Why your dream job doesn’t need to happen right now


When we are young, or just asserting our independence as young adults, most of us envision that dream job, but it is far away, sitting on a pedestal out of reach. So we train, take on further study, and leap headlong into new experiences, hoping to quickly push through the barriers so we can live that dream.

For those of you looking to move into a career in CSR and/or sustainability in Australia, that dream can seem further out of reach; Australia’s sustainability and humanitarian sector is a good decade behind much of the developed world so the early opportunities afforded those in the US and across Europe aren’t as readily available down under.

So you start to lose hope. You take the only job that comes along, and suddenly that dream job seems further away. Where to now?

Well the old adage “every cloud has a silver lining” come to mind. Not getting that dream job early in your career, can actually be good for your career, and here’s why.

1. Know thy enemy

Ok maybe “enemy” is a bit strong a word, but it helps to learn how others work, especially if you disagree with their business model, priorities and values. If you are inside an organisation that doesn’t value CSR or sustainability, you will learn about their structures and processes, and why they focus on other areas. Down the track, this understanding and experience will allow you to view complex issues from multiple points of view, and create solutions that will create lasting benefit for all involved.

2. That which does not kill us makes us stronger

Nietzsche made a good point. In the short term, working under pressure and in a stressful environment builds inner strength and resilience. Working with confronting people and confronting value systems will teach you how to handle the tough issues, and how to manage difficult stakeholders that challenge you personally. Think of it as a sort of baptism of fire; if you can handle the fire in the dragon’s lair, you can handle anything. What’s more, working with difficult people will increase your resilience and temper your ability to manage them and yourself in a more diplomatic manner. Negotiation skills and patience are invaluable; the calmness you exude will enable you to build strong rapport and respect, and enable you to reach positive outcomes in tight situations. This is all fantastic professional growth that might not happen if you fell into your dream job straight away.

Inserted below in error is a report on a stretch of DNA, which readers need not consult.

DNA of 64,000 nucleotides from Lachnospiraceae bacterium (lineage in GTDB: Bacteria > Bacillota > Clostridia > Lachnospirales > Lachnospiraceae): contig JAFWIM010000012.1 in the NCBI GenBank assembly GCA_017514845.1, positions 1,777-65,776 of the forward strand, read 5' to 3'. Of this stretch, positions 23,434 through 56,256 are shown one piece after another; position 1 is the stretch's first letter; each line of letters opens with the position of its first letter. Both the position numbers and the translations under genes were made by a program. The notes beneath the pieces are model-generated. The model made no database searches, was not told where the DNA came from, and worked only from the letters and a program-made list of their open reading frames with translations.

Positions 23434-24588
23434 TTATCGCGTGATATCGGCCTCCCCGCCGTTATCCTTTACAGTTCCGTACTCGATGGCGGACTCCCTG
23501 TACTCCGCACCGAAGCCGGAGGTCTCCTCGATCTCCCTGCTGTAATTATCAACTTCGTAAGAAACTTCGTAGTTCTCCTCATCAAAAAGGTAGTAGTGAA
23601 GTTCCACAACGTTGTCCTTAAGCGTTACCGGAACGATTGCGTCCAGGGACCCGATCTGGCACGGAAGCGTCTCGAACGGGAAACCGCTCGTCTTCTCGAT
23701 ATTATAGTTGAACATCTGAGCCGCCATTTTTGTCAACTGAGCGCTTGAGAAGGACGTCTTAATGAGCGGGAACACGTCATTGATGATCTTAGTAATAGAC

3. Take the road less travelled.

Your current role can be a real opportunity to make a difference. Sure you might be in a company that doesn’t focus on environmental, social or community engagement issues but you have the opportunity to start the conversation and lead the charge. We have spoken with many sustainability professionals who were given the opportunity to build a function from scratch because they expressed interest where there traditionally was none. They expressed their opinions and proposed value-adding sustainable ideas and projects; they asked the question “how will this affect our community/environment?”  It may not initially be the dream, but it might provide the opportunity and experience that will make you the right fit for the dream later down the track.

But I’m stuck in a career, in an industry that isn’t progressive. It’s too late for me to dream my dreams isn’t it?

Well firstly, it’s never too late to make a change – it’s never too late to stand up and be counted. In our discussions with various corporate and sustainability professionals, one story stood out. A corporate affairs executive at a national infrastructure firm (let’s call him/her Alex) recently told their story of becoming a sustainability leader. “Whilst my work in the infrastructure sector sometimes goes against my personal values, my recent appointment to the executive team gives me a chance to speak about mitigating social and environmental risk, and legitimately oppose some projects on these grounds. Sometimes I’m unsuccessful, but I am slowly changing the culture towards a discussion of sustainable business at the higher strategic level; I am creating real and lasting change – and that’s the real dream”.

Dreams come in all shapes and sizes. It may take you longer to get there than others, but you can always use any situation to your advantage. If you take charge of your career and treat each job with the passion and joy that you would your dream job, you will grow and become a stronger and more experienced professional, with more to offer that you may have had previously.

Sometimes dreams are found and opportunities arise at the right time. For those that have to fight for their dreams, you might find that waiting a little longer, and creating that dream from scratch can be just as rewarding.

Comments? Questions? Queries? Let me know what you think!

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